TCPWave is proud to introduce DNS Shield to its suite of products. In organizations designed with an internal private rooted DNS system, caches become vulnerable when they learn tainted data by following referrals into the third party’s DNS systems. A tainted cache that has learnt about the DNS roots from a third party tries to communicate with those third party’s root servers. In many scenarios, there would be no backbone routing/firewall rules from the tainted cache to the third party’s roots or to the public Internet roots. TCPWave’s DNS Shield is a mechanism with which organizations can manage DNS delegations to third parties and protect their internal namespace. TCPWave’s DNS Shield filters out DNS responses from the third parties that can potentially inject any type of a taint on the internal cache appliances of your organization. TCPWave’s DNS Shield uses a DNS response inspection engine to analyze the DNS responses from the third parties. It gives the legitimate answer to the cache device that has requested the query to the third party. It drops all the remaining information that can potentially poison/taint the cache.
TCPWave’s DNS Shield is available as a Dell OEM appliance and is typically placed between the organization’s cache servers and the third party DNS servers. Each organization’s internal DNS root is configured with a delegation to the TCPWave DNS Shield to perform third party’s DNS lookups. The TCPWave DNS Shield takes the request from the cache and would perform a recursive lookup on the third party’s DNS infrastructure. When the third party’s DNS server responds, the DNS Shield strips out unwanted data that can potentially taint the organization’s caching layer.
Consider organization A where the internal DNS is not exposed to the public Internet and vice versa, the cache appliances with hints pointing to its internal private roots instead of the public root servers. This means, internal users are not exposed to the public DNS and therefore, they cannot resolve external DNS names. This is a typical setup in organizations that have internal domain name space with absolutely no visibility into the public Internet.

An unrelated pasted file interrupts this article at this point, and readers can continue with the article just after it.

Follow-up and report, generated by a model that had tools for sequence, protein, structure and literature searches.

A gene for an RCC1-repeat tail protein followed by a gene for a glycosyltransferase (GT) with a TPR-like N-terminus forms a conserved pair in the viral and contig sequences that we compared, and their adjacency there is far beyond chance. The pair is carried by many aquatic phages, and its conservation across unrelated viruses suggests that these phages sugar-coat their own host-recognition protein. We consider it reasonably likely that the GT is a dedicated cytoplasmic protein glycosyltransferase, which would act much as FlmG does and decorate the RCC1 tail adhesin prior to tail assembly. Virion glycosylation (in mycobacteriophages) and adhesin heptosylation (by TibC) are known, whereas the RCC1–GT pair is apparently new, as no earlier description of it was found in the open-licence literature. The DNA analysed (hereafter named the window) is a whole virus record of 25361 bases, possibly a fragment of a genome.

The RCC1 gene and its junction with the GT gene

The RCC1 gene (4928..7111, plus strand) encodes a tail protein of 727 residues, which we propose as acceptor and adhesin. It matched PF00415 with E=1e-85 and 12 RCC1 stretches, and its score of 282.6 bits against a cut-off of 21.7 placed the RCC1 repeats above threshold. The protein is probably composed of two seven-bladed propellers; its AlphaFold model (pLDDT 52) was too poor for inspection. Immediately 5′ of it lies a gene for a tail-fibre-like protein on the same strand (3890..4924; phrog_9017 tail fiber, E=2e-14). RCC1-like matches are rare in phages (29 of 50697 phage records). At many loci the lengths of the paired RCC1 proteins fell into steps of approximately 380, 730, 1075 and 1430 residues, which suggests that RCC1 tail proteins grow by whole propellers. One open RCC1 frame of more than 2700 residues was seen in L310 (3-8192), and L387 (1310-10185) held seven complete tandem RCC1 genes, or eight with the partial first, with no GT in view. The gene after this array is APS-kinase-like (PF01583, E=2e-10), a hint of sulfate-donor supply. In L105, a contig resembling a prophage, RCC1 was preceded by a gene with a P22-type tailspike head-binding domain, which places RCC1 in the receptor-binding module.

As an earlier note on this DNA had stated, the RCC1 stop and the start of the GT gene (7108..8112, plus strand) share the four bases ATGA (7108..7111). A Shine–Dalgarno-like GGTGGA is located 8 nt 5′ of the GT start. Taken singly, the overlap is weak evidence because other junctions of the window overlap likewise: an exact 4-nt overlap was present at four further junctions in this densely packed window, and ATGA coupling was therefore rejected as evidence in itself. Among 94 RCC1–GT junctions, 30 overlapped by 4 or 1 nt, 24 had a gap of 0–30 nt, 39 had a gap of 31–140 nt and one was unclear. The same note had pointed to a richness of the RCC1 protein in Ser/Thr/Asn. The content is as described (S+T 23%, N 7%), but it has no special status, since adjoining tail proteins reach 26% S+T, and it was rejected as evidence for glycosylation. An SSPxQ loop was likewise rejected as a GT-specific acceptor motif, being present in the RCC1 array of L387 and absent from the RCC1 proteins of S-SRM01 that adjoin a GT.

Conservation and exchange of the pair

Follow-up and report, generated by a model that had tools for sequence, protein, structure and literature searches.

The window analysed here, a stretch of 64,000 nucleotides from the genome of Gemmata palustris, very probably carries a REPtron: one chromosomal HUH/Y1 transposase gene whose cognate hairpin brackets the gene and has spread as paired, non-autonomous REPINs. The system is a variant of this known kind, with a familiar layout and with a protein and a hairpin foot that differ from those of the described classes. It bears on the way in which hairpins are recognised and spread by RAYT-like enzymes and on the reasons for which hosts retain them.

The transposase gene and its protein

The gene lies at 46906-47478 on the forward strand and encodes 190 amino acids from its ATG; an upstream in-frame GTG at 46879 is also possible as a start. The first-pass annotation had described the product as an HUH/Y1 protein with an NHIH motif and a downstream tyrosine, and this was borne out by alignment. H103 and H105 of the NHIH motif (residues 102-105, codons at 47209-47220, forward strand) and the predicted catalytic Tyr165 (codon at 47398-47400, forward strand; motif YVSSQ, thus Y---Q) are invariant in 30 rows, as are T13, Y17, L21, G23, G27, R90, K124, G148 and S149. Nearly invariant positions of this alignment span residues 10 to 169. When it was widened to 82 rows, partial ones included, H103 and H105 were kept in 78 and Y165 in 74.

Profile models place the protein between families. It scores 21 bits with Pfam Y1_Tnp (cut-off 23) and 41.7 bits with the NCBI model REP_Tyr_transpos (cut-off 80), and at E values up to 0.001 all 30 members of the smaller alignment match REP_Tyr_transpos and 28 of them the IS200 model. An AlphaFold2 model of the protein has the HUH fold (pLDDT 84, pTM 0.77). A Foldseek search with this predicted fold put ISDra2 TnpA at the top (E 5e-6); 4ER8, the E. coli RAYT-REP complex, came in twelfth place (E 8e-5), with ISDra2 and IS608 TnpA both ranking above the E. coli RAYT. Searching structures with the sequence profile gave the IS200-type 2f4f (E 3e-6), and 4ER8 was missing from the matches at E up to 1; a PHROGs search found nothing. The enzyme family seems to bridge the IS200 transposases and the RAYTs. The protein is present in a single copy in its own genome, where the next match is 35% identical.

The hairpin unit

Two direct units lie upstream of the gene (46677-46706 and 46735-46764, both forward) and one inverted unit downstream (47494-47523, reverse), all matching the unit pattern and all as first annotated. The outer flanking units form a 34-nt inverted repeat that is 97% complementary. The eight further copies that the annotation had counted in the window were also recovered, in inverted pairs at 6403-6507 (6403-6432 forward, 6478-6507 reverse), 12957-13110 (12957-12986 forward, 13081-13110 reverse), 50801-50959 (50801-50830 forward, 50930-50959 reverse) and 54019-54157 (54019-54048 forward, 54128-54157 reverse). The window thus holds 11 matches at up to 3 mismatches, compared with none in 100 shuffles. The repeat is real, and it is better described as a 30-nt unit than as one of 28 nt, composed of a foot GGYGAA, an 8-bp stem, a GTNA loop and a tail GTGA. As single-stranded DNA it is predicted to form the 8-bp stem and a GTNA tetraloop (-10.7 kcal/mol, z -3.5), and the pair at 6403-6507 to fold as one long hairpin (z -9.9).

In order for organization A to do business with organization B, the DNS administrator of organization A needs to add a DNS delegation. This delegation is added to the root zone of organization A’s DNS infrastructure.
When organization A’s cache device (shown in yellow) follows the referral, the authoritative servers of organization B give the answer and add an additional section and authoritative section containing information about organization B’s DNS layout. The setup shown above could experience an outage when the hints file of organization A get overwritten by the response received from organization B’s DNS responses. Note that the organization A’s cache did not ask about organization B’s roots. The BIND additional and authority section responses that were obtained from organization B can potentially overwrite organization A’s cache’s hints. Since there is no connectivity from the internal namespace of organization A to the public Internet, DNS in the internal corporate network of organization A comes to a grinding halt. The DNS administrator of organization A can remove the DNS delegation to organization B and simply add the required resource records to the DNS root zone. This workaround has its own drawbacks.
Organization A where the internal DNS is not exposed to the public Internet and delegates all the third party domains to the TCPWave’s DNS Shield appliances. The cache appliances with hints pointing to internal private roots follow the referral and query the TCPWave DNS Shield appliances. In turn, the TCPWave DNS Shield appliances query the third’s authoritative servers, filter out records that can potentially taint or poison organization A’s caches. The filtered response is seen by the originating client. This secure setup is a scalable solution when an enterprise needs to catch-up with the changes that take place in the third party’s DNS.
DNS Shield between organization A and all its B2B partner (organization B) is shown in the diagram above. The DNS Shied protects organization A from potential DNS cache poisoning by stripping out unwanted data from the DNS responses received from organization B.
With TCPWave DNS Shield your enterprise can benefit from avoiding DNS outages by protecting your internal DNS cache infrastructure with this added security. The key benefits that you derive from the TCPWave’s DNS Shield appliance are:
TCPWave Inc’s DNS Shield adds intelligence into the DNS Application layer by discarding unwanted DNS requests and responses that can potentially poison your mission critical DNS infrastructure.